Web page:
How Persistent Depressive Disorder Is Diagnosed

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Persistent depressive disorder, formerly known as dysthymia, is a mood disorder with chronic (long-lasting) symptoms that may be less severe than those of major depressive disorder but last longer.

The exact cause of persistent depressive disorder is unknown. However, there are specific criteria that are used by medical professionals to diagnose persistent depressive disorder. You may also be able to conduct a self-screening as an initial step to seeking help and counsel from a professional.

Knowing how persistent depressive disorder is diagnosed can help you better understand what you’re feeling and lead you to treatment options. Learn more about the steps to diagnosis.

woman sitting alone at home

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Professional Screenings

Professional screenings are the most reliable way to determine if your depressive symptoms meet the criteria for persistent depressive disorder. You can go to your primary care provider to get screened, and they may refer you to a mental health specialist from there. There is nothing you need to prepare before getting screened. However, knowing in advance a little bit of what to expect can help ease your mind.

Screening includes:

  • An overview of your mental health symptoms: This will usually involve you talking about your feelings, mood, sleep habits, and behaviors with your doctor and/or a mental health professional they refer you to.
  • Diagnostic and Statistical Manual of Mental Disorders (DSM-5) criteria: This is a manual for assessment and diagnosis of mental disorders.
  • PHQ-9 (Patient Health Questionnaire-9): This is another screening tool for depression that screens for the severity of depression.

Preparing for Your Screening

It is important to be open and honest during your screening. To help you during the screening, bring a list of:

  • Symptoms
  • Feelings
  • Behaviors

Having your thoughts written down ahead of time can make it easier to talk with your doctor and may help them get a sense of your previous experience with chronic low mood.

Labs and Tests

Some symptoms of depression overlap with those of other health conditions. So your doctor might also do a physical exam and order blood and/or urine tests to rule out other conditions.

There are a host of tests your doctor might order to check for other health-related reasons that could be contributing to your depressive symptoms. 

The Importance of Ruling Out Other Health Conditions

It's important to uncover any underlying medical issues that might be present when treating depression.

If the test results come back normal, your doctor is likely to be more confident that your depressive symptoms are not due to an underlying health condition.

This type of screening is important for catching health issues you or your doctor might not have known about before proceeding to the next step of your recovery.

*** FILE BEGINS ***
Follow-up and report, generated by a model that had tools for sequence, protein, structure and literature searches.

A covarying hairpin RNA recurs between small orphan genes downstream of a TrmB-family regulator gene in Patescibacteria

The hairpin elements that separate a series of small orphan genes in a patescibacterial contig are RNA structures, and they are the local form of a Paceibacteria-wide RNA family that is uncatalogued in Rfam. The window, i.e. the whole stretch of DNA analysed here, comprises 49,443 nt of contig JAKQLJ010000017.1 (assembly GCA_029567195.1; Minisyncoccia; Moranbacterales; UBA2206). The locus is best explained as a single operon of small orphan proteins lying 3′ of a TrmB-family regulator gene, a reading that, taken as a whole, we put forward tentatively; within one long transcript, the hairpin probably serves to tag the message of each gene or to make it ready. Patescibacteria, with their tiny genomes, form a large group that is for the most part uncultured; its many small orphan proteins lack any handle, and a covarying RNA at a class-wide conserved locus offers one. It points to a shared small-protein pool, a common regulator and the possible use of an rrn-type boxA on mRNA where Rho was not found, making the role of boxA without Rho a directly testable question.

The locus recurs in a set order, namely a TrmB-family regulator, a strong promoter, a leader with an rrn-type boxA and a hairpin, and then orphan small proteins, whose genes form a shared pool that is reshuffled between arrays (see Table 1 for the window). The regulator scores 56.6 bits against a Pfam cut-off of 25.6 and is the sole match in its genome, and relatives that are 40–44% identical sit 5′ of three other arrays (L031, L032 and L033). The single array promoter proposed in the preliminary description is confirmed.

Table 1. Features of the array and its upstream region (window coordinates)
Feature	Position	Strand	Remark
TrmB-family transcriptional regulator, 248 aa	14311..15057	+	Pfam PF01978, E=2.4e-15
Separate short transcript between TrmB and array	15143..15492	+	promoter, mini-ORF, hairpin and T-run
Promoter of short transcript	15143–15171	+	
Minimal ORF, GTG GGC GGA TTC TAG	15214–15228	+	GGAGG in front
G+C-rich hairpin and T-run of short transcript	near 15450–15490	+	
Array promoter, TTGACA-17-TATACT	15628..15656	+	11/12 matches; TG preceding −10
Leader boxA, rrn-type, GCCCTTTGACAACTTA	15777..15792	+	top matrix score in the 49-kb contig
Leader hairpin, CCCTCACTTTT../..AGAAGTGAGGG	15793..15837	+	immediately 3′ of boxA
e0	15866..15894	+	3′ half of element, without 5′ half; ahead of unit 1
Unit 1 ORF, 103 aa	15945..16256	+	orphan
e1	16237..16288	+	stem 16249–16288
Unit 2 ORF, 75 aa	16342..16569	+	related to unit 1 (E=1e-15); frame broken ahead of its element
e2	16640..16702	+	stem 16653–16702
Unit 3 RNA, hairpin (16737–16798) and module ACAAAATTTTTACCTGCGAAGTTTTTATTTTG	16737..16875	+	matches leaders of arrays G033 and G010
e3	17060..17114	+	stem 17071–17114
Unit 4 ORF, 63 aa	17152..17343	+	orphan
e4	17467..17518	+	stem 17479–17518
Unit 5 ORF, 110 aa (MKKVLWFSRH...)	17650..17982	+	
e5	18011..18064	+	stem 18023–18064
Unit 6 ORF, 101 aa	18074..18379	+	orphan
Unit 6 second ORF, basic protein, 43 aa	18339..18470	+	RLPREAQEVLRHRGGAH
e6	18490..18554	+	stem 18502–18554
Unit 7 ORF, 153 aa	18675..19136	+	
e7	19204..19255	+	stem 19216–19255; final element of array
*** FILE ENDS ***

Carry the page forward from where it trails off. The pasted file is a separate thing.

Self/At-Home Testing

There are informal screenings you can do yourself to help you get a sense of whether your moods, behaviors, and other symptoms might be indicative of persistent depressive disorder. Doing so can then help get the ball rolling on seeking help from a professional. 

Key to Diagnosis

Symptoms of persistent depressive disorder must last for at least two years for you to be officially diagnosed.

In addition to a regularly low mood for at least two years, two or more of the following symptoms must also be present almost all of the time:

  • Feelings of hopelessness
  • Too little or too much sleep
  • Low energy or fatigue
  • Low self-esteem
  • Poor appetite or overeating
  • Poor concentration

Self-Screening Is Not a Replacement for an Expert Evaluation

As straightforward as it might seem to test yourself for depression based on these criteria, remember that self-screening is only part of the process. Getting screened by your doctor or a mental health professional must be done in order for appropriate treatment to commence.

Differential Diagnosis

In addition to ruling out health conditions that might be the cause of depressive symptoms, medical and mental health professionals may conduct a differential diagnosis in which they consider your symptoms in relation to other mental health conditions. In other words, they will use the screening to help differentiate between other mental health conditions that may be behind the presenting symptoms.

Differential diagnoses for persistent depressive disorder include screening for other conditions mentioned in the DSM-5, such as:

  • Major depressive disorder
  • Bipolar disorder
  • Substance/medication-induced depressive disorder
  • Personality disorders

Summary

The symptoms of persistent depressive disorder may be less severe than those of major depressive disorder but tend to last longer. To receive a diagnosis, you must see a healthcare professional.

A Word From Verywell

Potentially being diagnosed with persistent depressive disorder can make you feel vulnerable and unsure of what to expect. It is OK to ask for help.

Putting a name to your experience does not define you. Our intent with this article is to give you some starting points for seeking professional help so that you can start on the path to recovery. Getting better and feeling more like yourself is possible, and confronting your experience with the guidance of your doctor or mental health professional gets you one step closer.

You are not alone, and you can and will feel better.

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  1. Harvard Health Publishing. Persistent depressive disorder. Updated March 13, 2019.

  2. MedlinePlus. Depression screening. Updated March 3, 2021.